Venous Thrombosis

Venous thrombosis or deep vein thrombosis (DVT) is a serious medical condition where blood clots form in the deep veins of your body. This condition mostly affects the lower limbs such as the legs and thigh, although they can occur in other parts of the body. If one of these clots breaks away, it causes an embolus, which is a blood clot. This blood clot might travel through an artery to lung causing devastating results.

Pregnancy and DVT

Because of hormonal changes and increased pressure on the uterus during pregnancy, which causes slower blood flow to lower extremities, the risk for developing a DVT is increased. This risk last for six weeks after giving birth and for women who have had a C-section; because of the need to be on bedrest.

Symptoms of venous thrombosis

Signs and symptoms of venous thrombosis are usually subtle at first and hard to recognize. Usual symptoms are gradual swelling, warmth and pain, usually in the calf, feeling like a very bad cramp. The affected limb may become pale or turn slightly bluish in color.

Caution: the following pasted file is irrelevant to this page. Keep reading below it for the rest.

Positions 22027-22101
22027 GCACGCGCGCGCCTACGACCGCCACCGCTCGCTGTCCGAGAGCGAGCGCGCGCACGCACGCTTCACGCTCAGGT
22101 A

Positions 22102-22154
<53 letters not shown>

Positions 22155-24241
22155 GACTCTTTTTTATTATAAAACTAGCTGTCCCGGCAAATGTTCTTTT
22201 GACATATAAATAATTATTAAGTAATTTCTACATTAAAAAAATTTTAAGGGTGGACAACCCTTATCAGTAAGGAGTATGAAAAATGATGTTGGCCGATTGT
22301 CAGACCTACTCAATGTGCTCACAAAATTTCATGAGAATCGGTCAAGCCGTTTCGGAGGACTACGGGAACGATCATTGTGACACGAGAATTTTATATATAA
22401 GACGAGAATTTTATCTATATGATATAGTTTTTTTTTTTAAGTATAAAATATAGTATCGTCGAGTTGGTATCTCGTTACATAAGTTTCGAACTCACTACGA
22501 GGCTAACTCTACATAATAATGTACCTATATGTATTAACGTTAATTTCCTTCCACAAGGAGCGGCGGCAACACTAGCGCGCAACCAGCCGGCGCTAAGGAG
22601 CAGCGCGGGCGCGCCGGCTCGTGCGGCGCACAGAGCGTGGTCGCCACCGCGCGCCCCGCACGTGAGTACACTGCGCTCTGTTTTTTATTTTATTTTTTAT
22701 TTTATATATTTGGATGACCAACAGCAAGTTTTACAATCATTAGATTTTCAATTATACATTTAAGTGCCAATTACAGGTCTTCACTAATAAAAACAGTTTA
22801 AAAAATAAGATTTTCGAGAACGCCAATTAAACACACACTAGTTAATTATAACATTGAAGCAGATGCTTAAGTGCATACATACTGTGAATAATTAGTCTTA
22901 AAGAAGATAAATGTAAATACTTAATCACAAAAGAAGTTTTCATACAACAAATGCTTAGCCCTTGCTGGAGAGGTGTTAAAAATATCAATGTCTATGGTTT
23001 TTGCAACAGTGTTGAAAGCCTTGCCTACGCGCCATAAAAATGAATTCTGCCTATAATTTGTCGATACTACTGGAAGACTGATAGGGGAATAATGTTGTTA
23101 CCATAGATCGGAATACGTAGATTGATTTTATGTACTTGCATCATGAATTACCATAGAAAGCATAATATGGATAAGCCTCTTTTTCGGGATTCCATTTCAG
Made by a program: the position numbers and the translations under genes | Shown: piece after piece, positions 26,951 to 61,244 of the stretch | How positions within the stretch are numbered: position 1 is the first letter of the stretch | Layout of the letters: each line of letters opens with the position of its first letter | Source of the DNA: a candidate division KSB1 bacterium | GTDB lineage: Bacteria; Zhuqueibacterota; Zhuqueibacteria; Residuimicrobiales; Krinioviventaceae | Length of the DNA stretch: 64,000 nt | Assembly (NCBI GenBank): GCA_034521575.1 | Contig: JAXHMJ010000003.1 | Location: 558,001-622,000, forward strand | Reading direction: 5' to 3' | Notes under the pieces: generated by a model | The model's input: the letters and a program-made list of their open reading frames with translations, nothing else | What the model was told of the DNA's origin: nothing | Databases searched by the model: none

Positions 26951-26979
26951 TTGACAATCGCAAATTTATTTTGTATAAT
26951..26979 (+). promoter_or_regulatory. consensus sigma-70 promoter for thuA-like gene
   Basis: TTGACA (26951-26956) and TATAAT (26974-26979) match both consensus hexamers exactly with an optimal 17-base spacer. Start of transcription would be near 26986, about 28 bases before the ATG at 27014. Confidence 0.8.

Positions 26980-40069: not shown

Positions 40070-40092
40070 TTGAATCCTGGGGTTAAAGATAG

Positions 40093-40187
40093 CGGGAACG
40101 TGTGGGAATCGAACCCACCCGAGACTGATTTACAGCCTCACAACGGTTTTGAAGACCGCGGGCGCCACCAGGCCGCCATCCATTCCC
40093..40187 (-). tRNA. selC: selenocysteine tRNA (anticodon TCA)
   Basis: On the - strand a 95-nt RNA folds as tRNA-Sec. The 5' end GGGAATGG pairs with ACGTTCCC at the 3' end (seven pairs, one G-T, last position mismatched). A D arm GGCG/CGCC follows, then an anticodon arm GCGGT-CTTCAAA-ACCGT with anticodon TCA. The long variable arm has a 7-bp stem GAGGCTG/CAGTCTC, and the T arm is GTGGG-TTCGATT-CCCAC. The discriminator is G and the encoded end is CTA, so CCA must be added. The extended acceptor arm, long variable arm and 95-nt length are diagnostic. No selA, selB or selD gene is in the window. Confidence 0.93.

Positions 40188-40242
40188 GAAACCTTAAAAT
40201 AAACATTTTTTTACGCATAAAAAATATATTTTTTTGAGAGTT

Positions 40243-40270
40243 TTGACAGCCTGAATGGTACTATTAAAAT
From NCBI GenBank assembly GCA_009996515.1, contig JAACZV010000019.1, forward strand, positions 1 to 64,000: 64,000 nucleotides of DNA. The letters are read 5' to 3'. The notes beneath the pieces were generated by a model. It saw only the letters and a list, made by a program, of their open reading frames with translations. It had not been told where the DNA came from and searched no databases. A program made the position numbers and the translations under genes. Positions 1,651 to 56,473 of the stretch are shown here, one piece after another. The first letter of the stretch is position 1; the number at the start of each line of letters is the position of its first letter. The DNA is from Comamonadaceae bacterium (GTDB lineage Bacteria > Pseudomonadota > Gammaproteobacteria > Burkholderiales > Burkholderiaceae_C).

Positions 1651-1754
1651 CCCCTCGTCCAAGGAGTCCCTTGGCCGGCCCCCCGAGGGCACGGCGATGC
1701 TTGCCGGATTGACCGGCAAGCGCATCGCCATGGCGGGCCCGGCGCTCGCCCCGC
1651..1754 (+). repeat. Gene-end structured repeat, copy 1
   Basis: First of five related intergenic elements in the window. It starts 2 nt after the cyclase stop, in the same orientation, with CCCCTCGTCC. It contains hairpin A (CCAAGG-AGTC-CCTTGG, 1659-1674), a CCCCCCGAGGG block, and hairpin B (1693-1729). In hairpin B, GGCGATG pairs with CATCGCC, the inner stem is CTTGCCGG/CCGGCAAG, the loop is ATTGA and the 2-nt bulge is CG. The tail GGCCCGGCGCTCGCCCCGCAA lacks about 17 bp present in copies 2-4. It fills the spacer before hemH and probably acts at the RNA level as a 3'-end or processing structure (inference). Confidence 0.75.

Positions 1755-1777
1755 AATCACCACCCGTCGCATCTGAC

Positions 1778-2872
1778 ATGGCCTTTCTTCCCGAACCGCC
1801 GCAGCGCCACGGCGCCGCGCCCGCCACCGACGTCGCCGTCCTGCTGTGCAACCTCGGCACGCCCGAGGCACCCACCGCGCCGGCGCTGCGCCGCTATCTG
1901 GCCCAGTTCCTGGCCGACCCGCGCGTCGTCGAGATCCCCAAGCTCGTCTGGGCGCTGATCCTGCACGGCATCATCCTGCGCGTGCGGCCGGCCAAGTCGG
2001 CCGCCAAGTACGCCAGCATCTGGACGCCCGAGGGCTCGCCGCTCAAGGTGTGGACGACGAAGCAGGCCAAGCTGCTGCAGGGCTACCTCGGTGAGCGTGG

Ultrasound with Doppler is a non-invasive test to diagnose DVT in pregnant women. This imaging study uses sound wave to detect sluggish blood flow and the presence of a DVT in the lower extremities. This test allows the ultrasound tech to hear and view the direction of blood flow. An ultrasound with Doppler test does not expose the fetus to ionizing radiation.